Tag Archives: Albert Finney

Which Orient Express is yours?

You can choose your Poirot – and mine is David Suchet – and you can choose your Orient Express, if you have one. Unfortunately, for me the two didn’t coincide.

But never mind.

Actually, I don’t remember the David Suchet Orient Express some Christmases ago terribly well. I only recall quite how weird he was. Not David so much, perhaps, as the way he had to portray Poirot in that film.

If we’re talking films, the 1974 express is mine, Albert Finney notwithstanding. And say what you will, but his moustache was far better. Kenneth Branagh’s took over the whole film, especially considering that on a cinema screen you get pretty close up to such growth. But, the man’s entitled to have whatever he wants in the middle of his face.

The question is, do I prefer the old film, because it was better (I’d like to think it was), or because it was my first? As with the Branagh express, the film is full of stars, but I suppose I feel the 1974 stars were starrier, as well as more my kind of star. In this new version all I could think of was who someone had been played by in the older film. Judi Dench vs Wendy Hiller; Michelle Pfeiffer vs Lauren Bacall?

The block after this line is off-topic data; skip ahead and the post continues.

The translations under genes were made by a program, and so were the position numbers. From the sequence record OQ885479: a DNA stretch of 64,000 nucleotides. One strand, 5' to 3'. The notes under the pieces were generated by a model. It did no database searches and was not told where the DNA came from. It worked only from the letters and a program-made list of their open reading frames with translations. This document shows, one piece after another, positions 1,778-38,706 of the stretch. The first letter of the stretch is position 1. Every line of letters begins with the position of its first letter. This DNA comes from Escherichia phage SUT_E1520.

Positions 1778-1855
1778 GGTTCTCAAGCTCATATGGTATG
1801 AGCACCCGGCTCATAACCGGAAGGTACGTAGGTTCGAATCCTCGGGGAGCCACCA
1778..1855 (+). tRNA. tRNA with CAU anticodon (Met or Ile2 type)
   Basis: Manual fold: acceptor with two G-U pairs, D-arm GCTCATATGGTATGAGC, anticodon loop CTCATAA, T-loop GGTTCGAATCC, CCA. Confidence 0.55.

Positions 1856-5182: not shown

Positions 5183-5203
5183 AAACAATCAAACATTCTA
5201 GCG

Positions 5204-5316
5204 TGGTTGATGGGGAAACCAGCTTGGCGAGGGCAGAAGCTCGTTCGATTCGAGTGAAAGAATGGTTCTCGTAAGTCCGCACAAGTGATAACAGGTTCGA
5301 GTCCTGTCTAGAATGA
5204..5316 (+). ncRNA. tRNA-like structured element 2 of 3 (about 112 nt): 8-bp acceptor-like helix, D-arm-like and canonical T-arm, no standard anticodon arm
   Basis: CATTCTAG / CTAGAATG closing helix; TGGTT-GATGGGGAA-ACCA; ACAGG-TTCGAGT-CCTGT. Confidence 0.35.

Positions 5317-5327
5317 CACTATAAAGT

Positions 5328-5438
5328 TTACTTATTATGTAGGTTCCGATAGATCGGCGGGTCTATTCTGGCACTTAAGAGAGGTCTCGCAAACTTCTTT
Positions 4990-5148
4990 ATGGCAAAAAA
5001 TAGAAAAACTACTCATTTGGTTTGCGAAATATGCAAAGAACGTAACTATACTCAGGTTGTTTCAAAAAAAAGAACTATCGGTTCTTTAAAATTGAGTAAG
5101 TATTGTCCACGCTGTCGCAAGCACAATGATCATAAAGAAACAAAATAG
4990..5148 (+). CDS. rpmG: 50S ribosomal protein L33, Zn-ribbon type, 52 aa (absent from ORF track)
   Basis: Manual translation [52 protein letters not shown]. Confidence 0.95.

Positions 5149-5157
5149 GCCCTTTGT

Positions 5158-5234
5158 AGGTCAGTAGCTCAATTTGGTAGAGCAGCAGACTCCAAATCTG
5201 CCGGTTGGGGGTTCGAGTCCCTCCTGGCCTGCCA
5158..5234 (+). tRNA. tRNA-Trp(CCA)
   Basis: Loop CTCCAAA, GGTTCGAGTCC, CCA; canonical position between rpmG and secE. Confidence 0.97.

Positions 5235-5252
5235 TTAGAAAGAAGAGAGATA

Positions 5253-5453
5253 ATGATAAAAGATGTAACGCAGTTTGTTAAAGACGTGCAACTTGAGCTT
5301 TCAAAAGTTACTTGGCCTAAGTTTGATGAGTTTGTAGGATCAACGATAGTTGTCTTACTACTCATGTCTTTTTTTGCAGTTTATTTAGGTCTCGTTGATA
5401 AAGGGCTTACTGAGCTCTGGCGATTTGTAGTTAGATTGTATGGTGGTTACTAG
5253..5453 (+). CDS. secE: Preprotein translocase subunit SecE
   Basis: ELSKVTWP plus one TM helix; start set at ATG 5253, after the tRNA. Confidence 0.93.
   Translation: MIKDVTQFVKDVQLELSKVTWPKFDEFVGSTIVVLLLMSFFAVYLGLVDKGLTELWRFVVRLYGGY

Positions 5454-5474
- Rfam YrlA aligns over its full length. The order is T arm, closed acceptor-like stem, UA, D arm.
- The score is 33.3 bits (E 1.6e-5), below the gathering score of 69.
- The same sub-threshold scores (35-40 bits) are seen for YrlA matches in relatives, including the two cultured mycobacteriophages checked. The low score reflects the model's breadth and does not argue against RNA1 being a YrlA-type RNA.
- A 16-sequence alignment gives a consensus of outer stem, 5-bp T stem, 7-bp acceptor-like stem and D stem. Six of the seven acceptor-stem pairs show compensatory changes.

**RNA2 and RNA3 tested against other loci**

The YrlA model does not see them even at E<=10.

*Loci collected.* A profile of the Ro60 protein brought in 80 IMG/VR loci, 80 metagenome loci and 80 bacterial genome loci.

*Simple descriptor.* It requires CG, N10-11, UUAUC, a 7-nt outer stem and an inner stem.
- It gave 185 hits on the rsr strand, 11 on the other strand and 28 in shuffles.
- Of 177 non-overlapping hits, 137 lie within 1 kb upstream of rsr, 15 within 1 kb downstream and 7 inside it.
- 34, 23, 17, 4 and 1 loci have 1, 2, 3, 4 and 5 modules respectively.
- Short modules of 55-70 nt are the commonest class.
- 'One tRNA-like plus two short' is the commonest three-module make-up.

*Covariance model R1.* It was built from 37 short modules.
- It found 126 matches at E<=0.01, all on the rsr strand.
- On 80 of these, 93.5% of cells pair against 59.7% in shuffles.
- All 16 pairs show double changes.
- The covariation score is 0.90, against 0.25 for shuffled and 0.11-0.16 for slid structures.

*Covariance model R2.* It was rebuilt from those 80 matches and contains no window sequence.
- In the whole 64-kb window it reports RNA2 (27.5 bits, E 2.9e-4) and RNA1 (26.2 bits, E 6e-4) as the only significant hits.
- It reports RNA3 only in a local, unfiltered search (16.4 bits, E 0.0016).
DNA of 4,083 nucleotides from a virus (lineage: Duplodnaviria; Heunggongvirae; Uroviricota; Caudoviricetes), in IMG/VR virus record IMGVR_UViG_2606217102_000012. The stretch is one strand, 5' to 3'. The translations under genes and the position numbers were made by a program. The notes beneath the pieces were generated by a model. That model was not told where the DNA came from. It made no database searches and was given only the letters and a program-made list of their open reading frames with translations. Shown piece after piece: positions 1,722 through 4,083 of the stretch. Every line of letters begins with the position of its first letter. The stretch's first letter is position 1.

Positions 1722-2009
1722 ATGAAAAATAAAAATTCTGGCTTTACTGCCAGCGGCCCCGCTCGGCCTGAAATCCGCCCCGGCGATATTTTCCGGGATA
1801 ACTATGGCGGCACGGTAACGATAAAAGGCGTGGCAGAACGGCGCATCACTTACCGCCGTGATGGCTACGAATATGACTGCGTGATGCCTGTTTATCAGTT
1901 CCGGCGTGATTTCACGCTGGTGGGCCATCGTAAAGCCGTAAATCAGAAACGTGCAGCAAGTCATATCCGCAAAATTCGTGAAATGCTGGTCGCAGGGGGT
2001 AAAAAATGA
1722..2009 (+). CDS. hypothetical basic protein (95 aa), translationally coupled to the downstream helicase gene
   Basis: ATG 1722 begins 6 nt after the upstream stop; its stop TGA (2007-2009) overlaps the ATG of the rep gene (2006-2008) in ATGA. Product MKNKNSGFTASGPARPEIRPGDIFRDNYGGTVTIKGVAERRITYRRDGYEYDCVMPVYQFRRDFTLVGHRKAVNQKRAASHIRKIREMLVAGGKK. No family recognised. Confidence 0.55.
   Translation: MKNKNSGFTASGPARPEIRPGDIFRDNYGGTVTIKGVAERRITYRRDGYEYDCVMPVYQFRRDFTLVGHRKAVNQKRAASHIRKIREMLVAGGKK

Murder on the Orient Express, 1974

It’s mainly a matter of personal taste. And if this new film was your first, you are likelier to prefer it, even if you try the older one later.

Apart from the ghastly moustache, I mainly objected to the [unnecessary] changes Kenneth Branagh had made. I got the impression from an interview I read somewhere, that he was jolly pleased with his ‘originality.’ Whereas it seemed to me as if he borrowed the worst from the Suchet version, and then changed how the murder was committed. Those sleeper compartments are small, even on a fancy train. Just saying.

I had read the book before seeing the 1974 film. Today it appears many cinema goers might not have, but have bought the book since, judging by increasing sales. This is good. I hope that even a mediocre film can grow fresh fans for Agatha Christie. And crime. And train travel.

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